This week’s winning posters are all bold statements on the art of color and craft within a design. From Platinum to Gold, each poster effectively communicates its message, blending typography and image into something stunning.
Our first Gold-winning poster comes from designer and Graphis Master Gunter Rambow, who was tasked with designing a poster for Oper Frankfurt, an opera house in Germany, to promote their production of Hector Beriloz’s “Die Trojaner (Les Troyens)” (above, left), which was inspired by Virgil’s classic epic poem, the Aeneid. The design takes all of the elements of tension and violence from the original poem and turns it inward by having shards of mirror glass stick out from the back of a person’s head. These shards almost resemble a punk rock mohawk, which brings the classical material into a more contemporary light. Rambow designed the poster’s typography in a way so that the viewer must seek out the information since it does not compete with the image, but rather hides behind it (at the top) or appears in the negative space (at the bottom). The color palette throughout remains quite moody, allowing viewers to soak in this tale of classical anguish in an easily approachable, modern way.
“Equality is_Relevant” (above, right) is the next Gold-winning poster, as designed by Tom Davie from StudioTwentySix2. At first glance, a viewer might be struck by its abstractions and its experimental take on color and shape. The left side of the poster is cool, reminiscent of a wave meeting an algorithm, while the right side plays with fire, its color gradients full of pinks, reds, and yellows. Utilizing digital rendering, typography, data visualization, and color theory, this poster is the perfect experimental example of what design can achieve and strive for. Layered with complexity, Davie’s poster allows viewers to follow different thought patterns as they develop their own analysis and understanding of the work.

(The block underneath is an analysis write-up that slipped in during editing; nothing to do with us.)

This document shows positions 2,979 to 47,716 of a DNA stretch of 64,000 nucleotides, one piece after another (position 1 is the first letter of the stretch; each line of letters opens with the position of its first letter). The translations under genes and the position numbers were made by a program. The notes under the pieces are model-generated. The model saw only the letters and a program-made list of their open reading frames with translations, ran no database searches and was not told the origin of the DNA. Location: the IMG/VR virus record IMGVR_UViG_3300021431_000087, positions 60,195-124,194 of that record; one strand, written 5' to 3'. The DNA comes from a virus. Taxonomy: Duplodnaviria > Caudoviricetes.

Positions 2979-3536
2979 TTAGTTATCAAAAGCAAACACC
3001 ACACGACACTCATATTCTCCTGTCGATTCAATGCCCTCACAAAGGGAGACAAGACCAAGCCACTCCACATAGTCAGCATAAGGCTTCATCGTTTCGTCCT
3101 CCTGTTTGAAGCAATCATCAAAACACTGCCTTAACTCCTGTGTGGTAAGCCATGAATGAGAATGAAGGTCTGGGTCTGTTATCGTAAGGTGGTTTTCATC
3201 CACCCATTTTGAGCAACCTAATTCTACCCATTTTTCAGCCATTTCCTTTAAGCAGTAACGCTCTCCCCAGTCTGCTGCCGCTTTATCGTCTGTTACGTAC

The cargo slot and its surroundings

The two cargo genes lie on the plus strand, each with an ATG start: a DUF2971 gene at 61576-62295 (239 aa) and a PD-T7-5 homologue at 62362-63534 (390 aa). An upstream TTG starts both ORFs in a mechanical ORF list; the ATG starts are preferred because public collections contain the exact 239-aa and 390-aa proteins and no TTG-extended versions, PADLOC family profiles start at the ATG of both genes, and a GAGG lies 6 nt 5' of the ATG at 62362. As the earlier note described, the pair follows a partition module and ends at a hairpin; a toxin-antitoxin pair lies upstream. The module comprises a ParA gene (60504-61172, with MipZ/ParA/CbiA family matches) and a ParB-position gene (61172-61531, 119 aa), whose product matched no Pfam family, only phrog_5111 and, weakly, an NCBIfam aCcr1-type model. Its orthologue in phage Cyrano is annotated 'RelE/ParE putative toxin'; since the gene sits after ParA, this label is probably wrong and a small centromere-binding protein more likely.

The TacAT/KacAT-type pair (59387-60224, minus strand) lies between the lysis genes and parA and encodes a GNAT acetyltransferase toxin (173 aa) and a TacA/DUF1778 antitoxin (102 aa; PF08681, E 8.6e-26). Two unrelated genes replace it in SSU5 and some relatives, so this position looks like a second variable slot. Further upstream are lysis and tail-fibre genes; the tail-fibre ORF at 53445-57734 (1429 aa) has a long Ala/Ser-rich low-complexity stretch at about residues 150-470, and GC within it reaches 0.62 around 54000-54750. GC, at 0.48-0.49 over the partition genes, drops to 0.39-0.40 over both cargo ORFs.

Designer Hiroko Sakai of Coton Design presents a beautiful poster made for the 130th anniversary of the Japanese flower arrangement event “RYUSEI IKEBANA JAPAN” (above, left). The themes for this event included “all over Japan,” “new and old,” and “future of ikebana.” Sakai’s design feature circles to symbolize these metaphors, with a deep red circle symbolizing Japan and the sun, with a blue circle below to emphasize the contrast between new and old. By keeping the typography elements strictly black, the circles and the multi-colored column going through the center are further emphasized for viewers. While not featuring any flowers, this Gold-winning poster design still conveys the beauty of nature and its perfectly imperfect symmetries.
Finally, “Coleto Creek” (above, right), a Platinum-winning poster designed by Mark Steele, is a showcase of color and well-crafted typography. The latter is simple enough, giving us the who, what, where, and why of the nature festival to viewers. However, the bright orange-yellow eyes emerging from the white background really pop out, leaving one with the feeling that there is something more to this festival than (pardon the pun) meets the eye. Combining a soft-hued rainbow of colors with stark white only makes the bold eyes pop out more, enticing a viewer to lean closer and learn what it has to offer.
To see more award-winning posters, click here. For more information and to submit your own poster design to our Poster 2024 competition, click here.